Is It The End For TikTok?

Security fears surrounding several Chinese social media apps have continued to increase across the world, particularly with TikTok.

Mike Pompeo, Secretary of State has suggested that the White House administration has been ‘looking at’ banning these apps and they are “taking this very seriously.”

Responding to questions over the security levels of these apps Pompeo responded, “With respect to Chinese apps on people’s cell phones, I can assure you the United States will get this one right too.” He continued, “I don’t want to get out in front of the President [Donald Trump], but it’s something we’re looking at.”

Fuelling rumors of spying, Pompeo continued to suggest that people who download TikTok should only do so “if you want your private information in the hands of the Chinese Communist Party.”

In response, a TikTok spokesperson has said, “TikTok is led by an American CEO, with hundreds of employees and key leaders across safety, security, product, and public policy here in the US. We have no higher priority than promoting a safe and secure app experience for our users. We have never provided user data to the Chinese government, nor would we do so if asked.”

Tensions between the two countries have always been strained but they have increased significantly in the last six months, mostly due to what Trump keeps referring to as the “Chinese virus”, coronavirus. These tensions have spilled not just into technology but also into both trade and security.

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ByteDance, a start-up based in Beijing, owns TikTok and has continued to be criticized by politicians across America who have declared the app as a significant threat against national security.

Although allegations have varied, the main focus is that the company may be persuaded to “support and cooperate with intelligence work controlled by the Chinese Communist Party.”

TikTok has continued to dispute these claims, saying they operate as a separate entity from ByteDance. They have also confirmed that all of their data centers are operated outside China while none of the data collated is subject to Chinese law.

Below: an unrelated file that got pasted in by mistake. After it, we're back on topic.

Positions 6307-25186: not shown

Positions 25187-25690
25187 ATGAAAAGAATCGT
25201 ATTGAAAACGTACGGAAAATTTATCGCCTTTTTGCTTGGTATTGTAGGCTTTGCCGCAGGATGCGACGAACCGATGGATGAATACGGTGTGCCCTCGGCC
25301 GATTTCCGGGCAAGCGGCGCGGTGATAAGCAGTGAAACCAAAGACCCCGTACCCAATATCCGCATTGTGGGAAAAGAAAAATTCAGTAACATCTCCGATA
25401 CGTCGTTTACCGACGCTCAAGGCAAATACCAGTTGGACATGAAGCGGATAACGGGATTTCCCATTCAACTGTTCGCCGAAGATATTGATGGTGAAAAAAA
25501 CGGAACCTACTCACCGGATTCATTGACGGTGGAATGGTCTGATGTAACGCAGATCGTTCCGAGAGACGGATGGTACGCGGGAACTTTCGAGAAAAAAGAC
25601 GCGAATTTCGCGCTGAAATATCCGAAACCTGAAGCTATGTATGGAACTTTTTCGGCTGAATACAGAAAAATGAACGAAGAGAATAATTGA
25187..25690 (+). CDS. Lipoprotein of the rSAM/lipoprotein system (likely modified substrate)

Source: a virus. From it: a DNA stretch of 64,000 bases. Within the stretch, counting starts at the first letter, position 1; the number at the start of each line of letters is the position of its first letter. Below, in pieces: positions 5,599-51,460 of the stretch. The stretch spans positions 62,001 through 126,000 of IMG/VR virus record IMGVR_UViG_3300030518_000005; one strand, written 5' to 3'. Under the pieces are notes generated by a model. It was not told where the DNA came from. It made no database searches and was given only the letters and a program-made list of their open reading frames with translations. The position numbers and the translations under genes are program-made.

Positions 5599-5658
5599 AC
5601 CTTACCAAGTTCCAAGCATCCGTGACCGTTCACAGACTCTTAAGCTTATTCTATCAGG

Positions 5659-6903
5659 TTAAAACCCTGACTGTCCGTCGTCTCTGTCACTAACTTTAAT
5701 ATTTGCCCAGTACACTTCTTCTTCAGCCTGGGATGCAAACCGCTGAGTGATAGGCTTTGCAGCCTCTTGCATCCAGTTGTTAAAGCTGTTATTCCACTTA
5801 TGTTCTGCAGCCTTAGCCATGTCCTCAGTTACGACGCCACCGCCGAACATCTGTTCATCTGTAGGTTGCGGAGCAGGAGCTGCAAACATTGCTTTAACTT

Furthermore, all data from American users is actually stored in the United States and the backup is based in Singapore, therefore making any national security concerns “unfounded.”

TikTok has become a massive hit not just in America but also across the world – predominantly within western countries, and has become the first social media platform from China to achieve such global success.

According to analytics company Sensor Tower, the first quarter of 2020 saw record-breaking numbers of downloads of the app topping more than 315 million. However it is not just in America that the company has had issues.

India has confirmed that they will be placing a ban not just on TikTok but also on nearly 60 other popular Chinese apps after the Indian government announced they believed China to be “engaged in activities… prejudicial to sovereignty and integrity of India, defence of India, security of state and public order.”

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Tensions have been increasing between the two countries following a six-hour battle on the Himalayan border after the Indian army removed temporary structures that the Chinese military has installed on remote terrain that had already been claimed by India.

Australia is also considering a ban of the app with a federal MP suggesting that there are plans to put the company in front of the Foreign Interference through Social Media senate inquiry, saying that there were concerns it was being used to collect data.

The unnamed MP has also confirmed that there are several members of parliament pushing for the ban, stating their beliefs that the app is an even bigger security threat than other Chinese apps such as WeChat.

Kimberley Kitching, a member of the Foreign Interference committee commented, ‘Given that there is credible evidence to suggest that TikTok users’ data has been sent back to servers in China where it can then be analysed and used by authorities to identify and build profiles to track users, it would be entirely appropriate for senior representatives from that company to appear before the committee to answer questions on this.’

In the UK social media experts do not believe the app will be banned ‘just because the US wants to’ however they are having their own concerns of Beijing based technology giant Huawei following concerns over surveillance by the company. In particular an assessment by the Government Communications Headquarters (GCHQ) that concluded that the company posed a major security risk, specifically for British intelligence which has led British Prime Minister Boris Johnson to overturn a previous decision to allow the company access to the country’s 5G networks.

A report has also claimed that the Chinese government has conducted a campaign specifically to manipulate senior politicians as well as academics and ‘elites’, in an attempt to brainwash them into becoming “full-time agents” or “useful idiots”.

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